I understand that in her letter the Deputy Prime Minister is concerned that about 150,000 students will not receive start-up scholarships in 2010 and that 21,000 Commonwealth scholarships will be affected. In her letter to me—a very pleasant letter—the Deputy Prime Minister, Ms Gillard, writes:

Preventing passage of this bill will mean that 150,000 students will not receive start-up scholarships and that 21,000 Commonwealth scholarships will not be paid to new students in 2010, as the coalition voted to remove them earlier this year.

Well, she might be concerned, but as Senator Minchin said in his letter to Ms Gillard:

The coalition is concerned that the government, having ignored our warnings earlier in the year about the danger of separating the legislation, abolishing the Commonwealth scholarships with their replacements, has now placed in jeopardy the existence of any Commonwealth scholarships in 2010.

I should say that the Australian Greens also flagged this issue. Senator Minchin says:

I can confirm that, should the government maintain its position of being unwilling to accept the Senate’s amendments, the coalition will be happy to give precedence to the consideration of legislation the government may wish to introduce this week that will provide for scholarships in 2010.

In other words, the coalition will cooperate with the government and separate the legislation to ensure that students do not miss out if necessary. We are happy to do that.

I also flag that later on I will be moving an amendment—I think it is on sheet 6014—that again puts forward the budget-saving measure that the opposition has proposed to pay for all the additional expenditure that these proposals flag. I just flag that for the moment, but I simply say that the opposition will vote against the government’s motion that the committee not insist.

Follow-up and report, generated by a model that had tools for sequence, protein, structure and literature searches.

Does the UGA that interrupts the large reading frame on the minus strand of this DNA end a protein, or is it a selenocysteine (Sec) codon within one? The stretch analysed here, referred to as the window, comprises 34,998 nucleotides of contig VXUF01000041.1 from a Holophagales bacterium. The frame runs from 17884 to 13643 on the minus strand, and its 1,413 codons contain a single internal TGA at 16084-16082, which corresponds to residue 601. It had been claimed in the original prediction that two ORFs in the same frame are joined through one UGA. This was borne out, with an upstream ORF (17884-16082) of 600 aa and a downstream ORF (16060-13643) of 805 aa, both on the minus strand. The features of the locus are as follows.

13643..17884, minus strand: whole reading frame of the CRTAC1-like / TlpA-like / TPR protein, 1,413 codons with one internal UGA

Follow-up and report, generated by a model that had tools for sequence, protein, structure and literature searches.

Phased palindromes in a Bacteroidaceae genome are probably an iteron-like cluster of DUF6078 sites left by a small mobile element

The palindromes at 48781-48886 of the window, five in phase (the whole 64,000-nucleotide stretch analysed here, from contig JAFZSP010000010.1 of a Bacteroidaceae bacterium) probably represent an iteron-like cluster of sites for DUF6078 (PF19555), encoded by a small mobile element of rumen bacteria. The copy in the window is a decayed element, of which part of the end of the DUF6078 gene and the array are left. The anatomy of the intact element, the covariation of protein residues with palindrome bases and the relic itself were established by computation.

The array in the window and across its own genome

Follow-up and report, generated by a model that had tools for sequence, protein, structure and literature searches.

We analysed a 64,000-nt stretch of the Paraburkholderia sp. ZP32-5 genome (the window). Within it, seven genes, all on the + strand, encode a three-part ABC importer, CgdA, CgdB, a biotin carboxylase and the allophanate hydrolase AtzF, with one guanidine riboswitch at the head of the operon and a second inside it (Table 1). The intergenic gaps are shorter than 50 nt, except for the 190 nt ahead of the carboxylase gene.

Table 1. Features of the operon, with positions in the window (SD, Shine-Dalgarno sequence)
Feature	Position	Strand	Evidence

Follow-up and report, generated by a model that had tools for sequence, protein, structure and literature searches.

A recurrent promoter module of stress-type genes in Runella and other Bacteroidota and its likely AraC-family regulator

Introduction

5:40 pm

Photo of Sarah Hanson-YoungSarah Hanson-Young (SA, Australian Greens) Share this | | Hansard source

I want to add the Greens’ comments to this discussion as to whether or not we will insist on the amendments. I think that what is important to note in all of this is that we need to be getting some type of solution that works for everybody. I have been very clear from the word go about our concerns with the government’s proposals. From budget night we have been raising the issues in relation to how these changes would affect students, particularly rural and regional students, right around the country. I am concerned that it has taken until this point for us to have a proper, robust discussion with the government on it. I am concerned that it has taken until this point for the government to acknowledge the issues in relation to the retrospectivity aspects of the legislation, but obviously their amendments circulated last night mean that they have started to at least acknowledge that there are some concerns and issues there with retrospectivity.

I do not believe that the bill as passed by the House, without all of the amendments that the Senate passed last week, is a good bill. In retrospect it is obviously a little bit improved over the piece of legislation we saw the first time around, because it includes two Greens amendments that have helped to improve the situation, but obviously the House rejected the rest. I think it would be remiss if this chamber simply did not deal with the legislation, go into the committee stage and talk about where we can go next. I do not want to be in a position where we do not have something at the end of this week to deliver to students—all students, city students and country students. I think it is time that we got real about needing to debate and negotiate properly across all sides.